This is helpful to know, particularly for elementary teachers who are experts in many subjects. Because, by knowing these four dimensions a person can use them for all subjects helps provide a comprehensive view of a subject to structure learner's experiences to fully develop their literacies. Let's review these:
Four dimensions or categories of a subject or discipline:
Discipline literacies start with a perspective of each discipline, which indicates the kinds of knowledge each discipline represents. Its knowledge base, which includes information in four dimensions.
- Processes or practices of the subject or discipline. The processes and the skills used to create knowledge in the subject. The how to inquire, investigate, mathematize, problem solve, observe, classify, make representations, reason, search for answers, communicate problems and answers, resolve conflicts opinions, comprehend, create, ...).
- Content knowledge or information created by the practice and processes of doing the subject or discipline. The what of the subject. The facts, ideas, stories, explanations, concepts, generalizations, principles, theorems, laws, actions, skills, processes, products, ... created.
- Attitudes or Dispositions or Habits of Mind or Values. The mental states people have when they practice or inquire and use the subject to learn about or understand the world in successful ways. Attitudes to have when doing the subject to create knowledge and products of the discipline. Examples or dispositions that are usually valued when doing or studying a subject or discipline include: curiosity, desire to understand, open-minded, skeptical, persistent, ... more examples.
- Perspectives of the discipline itself, its relationships and connections to society, culture, history, other disciplines and it can and can not be used in all of its respects.
Literacy in any subject or discipline must include substantial experiences for learners to develop information and skills in each of these areas for each and every subject or discipline.
The following charts illustrate how these four dimensions relate to categories in national standards:
- Common Core State Standards of Science, and the National Science Teacher's Association Standards and Project 2061 by content, procss, attitude, and perspectives
- National Science Teacher's Association Content Standards - categorized by content, process, disposition, and perspectives
- Project 2061 - categorized by content, process, disposition, and perspectives
- Mathematics NCTM standards categorized by content, process, attitudes, and perspectives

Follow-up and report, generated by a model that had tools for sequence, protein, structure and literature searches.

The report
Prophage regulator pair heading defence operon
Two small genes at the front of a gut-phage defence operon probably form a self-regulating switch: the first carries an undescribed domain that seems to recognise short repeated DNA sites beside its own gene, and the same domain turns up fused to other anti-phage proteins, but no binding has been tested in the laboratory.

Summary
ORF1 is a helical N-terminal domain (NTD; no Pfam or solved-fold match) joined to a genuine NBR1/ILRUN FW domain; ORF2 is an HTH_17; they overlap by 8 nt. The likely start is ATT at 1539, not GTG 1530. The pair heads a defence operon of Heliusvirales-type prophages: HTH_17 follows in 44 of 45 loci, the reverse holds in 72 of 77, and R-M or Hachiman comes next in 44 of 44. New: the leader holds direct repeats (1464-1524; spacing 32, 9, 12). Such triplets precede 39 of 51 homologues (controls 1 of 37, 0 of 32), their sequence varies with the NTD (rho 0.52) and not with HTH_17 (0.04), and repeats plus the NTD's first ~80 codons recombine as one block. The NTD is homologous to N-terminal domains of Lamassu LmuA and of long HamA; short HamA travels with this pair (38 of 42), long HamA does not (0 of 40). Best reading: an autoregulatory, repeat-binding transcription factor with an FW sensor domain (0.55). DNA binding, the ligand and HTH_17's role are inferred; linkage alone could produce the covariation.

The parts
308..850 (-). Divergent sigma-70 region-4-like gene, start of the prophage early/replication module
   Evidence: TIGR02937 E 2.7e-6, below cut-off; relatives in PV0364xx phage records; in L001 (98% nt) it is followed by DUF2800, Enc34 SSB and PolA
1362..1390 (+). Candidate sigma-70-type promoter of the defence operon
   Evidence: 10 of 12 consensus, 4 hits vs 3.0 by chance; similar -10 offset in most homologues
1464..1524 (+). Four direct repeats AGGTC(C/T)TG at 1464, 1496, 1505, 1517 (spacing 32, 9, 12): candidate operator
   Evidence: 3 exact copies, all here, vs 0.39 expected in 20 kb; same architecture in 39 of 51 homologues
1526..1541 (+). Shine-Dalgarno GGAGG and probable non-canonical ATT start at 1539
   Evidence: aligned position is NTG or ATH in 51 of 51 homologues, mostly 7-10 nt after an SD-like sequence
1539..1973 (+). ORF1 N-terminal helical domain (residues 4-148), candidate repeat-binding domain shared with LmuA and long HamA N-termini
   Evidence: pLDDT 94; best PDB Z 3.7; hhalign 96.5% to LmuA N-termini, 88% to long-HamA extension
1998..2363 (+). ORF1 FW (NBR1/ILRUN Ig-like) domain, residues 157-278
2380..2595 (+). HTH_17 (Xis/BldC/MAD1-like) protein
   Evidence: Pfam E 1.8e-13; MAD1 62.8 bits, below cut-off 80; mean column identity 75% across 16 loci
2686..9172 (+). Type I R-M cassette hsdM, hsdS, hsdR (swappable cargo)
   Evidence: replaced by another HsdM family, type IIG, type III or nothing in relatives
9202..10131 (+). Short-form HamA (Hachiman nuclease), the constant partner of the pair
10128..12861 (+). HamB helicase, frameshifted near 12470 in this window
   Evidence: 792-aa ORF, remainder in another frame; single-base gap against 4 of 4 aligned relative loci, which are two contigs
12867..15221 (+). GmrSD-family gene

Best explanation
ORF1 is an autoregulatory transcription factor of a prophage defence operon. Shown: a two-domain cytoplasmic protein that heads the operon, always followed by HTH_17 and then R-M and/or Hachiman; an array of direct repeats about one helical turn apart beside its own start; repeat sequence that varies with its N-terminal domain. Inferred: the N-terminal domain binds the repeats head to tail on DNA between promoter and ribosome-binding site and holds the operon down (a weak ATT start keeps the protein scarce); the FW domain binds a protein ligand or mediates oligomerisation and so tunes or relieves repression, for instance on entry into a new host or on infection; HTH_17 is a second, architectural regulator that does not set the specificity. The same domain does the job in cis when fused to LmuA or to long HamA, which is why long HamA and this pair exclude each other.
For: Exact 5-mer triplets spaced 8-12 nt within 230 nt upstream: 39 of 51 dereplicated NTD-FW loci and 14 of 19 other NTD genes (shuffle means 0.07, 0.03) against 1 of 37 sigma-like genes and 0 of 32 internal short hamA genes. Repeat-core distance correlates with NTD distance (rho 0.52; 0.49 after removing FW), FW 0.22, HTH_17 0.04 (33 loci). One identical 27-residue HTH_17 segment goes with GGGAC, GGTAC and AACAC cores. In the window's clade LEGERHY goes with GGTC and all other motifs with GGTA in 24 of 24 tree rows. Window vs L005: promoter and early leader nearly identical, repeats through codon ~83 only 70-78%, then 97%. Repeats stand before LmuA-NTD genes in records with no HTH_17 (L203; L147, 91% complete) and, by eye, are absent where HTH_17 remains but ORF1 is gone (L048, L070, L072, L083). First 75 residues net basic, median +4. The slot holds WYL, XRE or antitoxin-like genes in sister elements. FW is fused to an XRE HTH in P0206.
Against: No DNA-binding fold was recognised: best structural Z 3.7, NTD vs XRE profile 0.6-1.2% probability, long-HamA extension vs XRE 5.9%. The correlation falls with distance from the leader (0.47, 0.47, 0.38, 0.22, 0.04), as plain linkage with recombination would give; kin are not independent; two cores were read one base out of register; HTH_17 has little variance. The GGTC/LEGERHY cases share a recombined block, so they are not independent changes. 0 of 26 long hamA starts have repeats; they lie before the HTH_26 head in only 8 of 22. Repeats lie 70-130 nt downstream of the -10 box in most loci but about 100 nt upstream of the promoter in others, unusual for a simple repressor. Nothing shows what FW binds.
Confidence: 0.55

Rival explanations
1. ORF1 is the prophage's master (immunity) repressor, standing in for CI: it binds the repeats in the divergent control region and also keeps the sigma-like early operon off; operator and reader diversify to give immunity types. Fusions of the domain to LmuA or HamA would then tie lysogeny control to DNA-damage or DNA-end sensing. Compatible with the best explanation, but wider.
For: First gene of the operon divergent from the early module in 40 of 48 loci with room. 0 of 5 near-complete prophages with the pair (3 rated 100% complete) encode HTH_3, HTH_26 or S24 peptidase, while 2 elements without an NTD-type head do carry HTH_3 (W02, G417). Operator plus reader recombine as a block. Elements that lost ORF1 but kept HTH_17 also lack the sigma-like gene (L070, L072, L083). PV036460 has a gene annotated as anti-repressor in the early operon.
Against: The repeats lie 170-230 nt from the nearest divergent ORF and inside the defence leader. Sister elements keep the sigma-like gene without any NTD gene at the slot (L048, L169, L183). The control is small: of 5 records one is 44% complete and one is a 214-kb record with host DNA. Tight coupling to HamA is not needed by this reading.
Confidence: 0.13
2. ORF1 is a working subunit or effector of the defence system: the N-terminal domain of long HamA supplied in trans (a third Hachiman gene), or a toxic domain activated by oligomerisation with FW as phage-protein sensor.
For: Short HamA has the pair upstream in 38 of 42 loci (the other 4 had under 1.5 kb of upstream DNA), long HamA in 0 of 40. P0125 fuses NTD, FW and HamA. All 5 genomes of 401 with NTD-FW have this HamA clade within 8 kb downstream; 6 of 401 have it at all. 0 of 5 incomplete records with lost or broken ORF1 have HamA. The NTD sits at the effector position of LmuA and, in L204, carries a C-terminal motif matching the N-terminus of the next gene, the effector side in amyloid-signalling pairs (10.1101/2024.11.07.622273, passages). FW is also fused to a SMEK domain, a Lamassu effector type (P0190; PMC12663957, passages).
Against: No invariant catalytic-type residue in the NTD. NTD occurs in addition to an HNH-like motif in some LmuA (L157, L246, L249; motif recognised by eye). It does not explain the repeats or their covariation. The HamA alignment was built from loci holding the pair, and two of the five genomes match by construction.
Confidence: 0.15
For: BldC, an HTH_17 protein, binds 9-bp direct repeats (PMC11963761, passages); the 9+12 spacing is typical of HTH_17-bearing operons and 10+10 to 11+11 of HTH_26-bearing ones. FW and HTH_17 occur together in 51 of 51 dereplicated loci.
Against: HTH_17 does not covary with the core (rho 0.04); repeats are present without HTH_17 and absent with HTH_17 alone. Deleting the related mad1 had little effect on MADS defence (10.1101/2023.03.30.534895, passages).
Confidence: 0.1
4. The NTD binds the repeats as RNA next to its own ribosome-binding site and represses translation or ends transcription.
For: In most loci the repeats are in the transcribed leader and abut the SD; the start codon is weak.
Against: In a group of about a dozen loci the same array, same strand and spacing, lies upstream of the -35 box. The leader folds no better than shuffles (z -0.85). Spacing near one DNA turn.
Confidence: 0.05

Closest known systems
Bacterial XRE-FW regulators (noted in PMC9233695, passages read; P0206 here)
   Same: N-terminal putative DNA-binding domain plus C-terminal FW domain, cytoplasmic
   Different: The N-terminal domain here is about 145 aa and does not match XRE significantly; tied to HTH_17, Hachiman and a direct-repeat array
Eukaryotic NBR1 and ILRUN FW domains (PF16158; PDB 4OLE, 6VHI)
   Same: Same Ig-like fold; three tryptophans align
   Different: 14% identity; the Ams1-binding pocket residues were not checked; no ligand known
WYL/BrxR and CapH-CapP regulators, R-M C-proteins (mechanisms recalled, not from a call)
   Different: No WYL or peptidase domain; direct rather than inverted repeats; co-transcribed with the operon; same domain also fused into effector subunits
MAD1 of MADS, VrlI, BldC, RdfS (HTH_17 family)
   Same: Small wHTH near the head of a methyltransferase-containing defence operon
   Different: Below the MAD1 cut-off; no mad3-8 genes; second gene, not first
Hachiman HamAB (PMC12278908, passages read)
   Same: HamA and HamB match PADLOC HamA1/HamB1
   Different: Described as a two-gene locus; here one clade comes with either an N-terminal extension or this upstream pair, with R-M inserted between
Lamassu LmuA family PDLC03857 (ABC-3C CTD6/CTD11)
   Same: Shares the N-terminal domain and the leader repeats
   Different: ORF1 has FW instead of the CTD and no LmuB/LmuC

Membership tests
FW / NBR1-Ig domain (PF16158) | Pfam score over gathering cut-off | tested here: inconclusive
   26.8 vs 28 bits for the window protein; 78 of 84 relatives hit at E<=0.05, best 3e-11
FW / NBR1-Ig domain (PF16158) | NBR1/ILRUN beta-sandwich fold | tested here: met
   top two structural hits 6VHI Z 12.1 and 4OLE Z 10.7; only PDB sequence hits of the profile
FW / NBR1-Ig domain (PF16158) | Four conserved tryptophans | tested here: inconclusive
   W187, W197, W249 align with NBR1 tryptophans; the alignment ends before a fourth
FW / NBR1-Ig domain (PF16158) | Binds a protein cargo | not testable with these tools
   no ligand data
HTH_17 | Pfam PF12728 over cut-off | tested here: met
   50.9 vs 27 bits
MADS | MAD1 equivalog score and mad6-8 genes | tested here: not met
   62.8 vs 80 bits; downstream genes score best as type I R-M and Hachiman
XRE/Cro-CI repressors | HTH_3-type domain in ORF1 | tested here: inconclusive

- Common Core State Standards of Mathematics by content, practices, attitudes, and perspectives
Literacy categories and more
Explore these models for examples of the four dimensions. Hint, they are included, but not labeled as in the previous examples.
Outstanding teachers have a very comprehensive understanding in all these dimensions, or categories, for the subjects they teach. Knowing these dimensions helps teachers understand, remember, and more comprehensive opportunities for their students to understand and appreciate all dimensions of the subjects they study so they may participate as a scholars in those subjects and create knowledge and products with and for the discipline for their personal inquires, development, and satisfaction.
As you study different subjects think about the four dimensions to increase your understanding and power in using the subject you study and providing experiences for others to broaden their understandings.
Professional educators develop or improve through their inquiry and reflection on their practices. Major ideas related to professional develop to consider are illustrated in this model:
Professional educators use a learning cycle to develop through their inquiry and reflection of their practices. A model for this development is presented below along with focus questions and related artifacts:
Professional educators use the same learning cycle and processes to inquire and reflect on their practices as they related to different subjects as illustrated by the model below.
For more specific information on professional develop in subjects see:
- Walk through of professional development for mathematics.
- A walk through of professional development for science.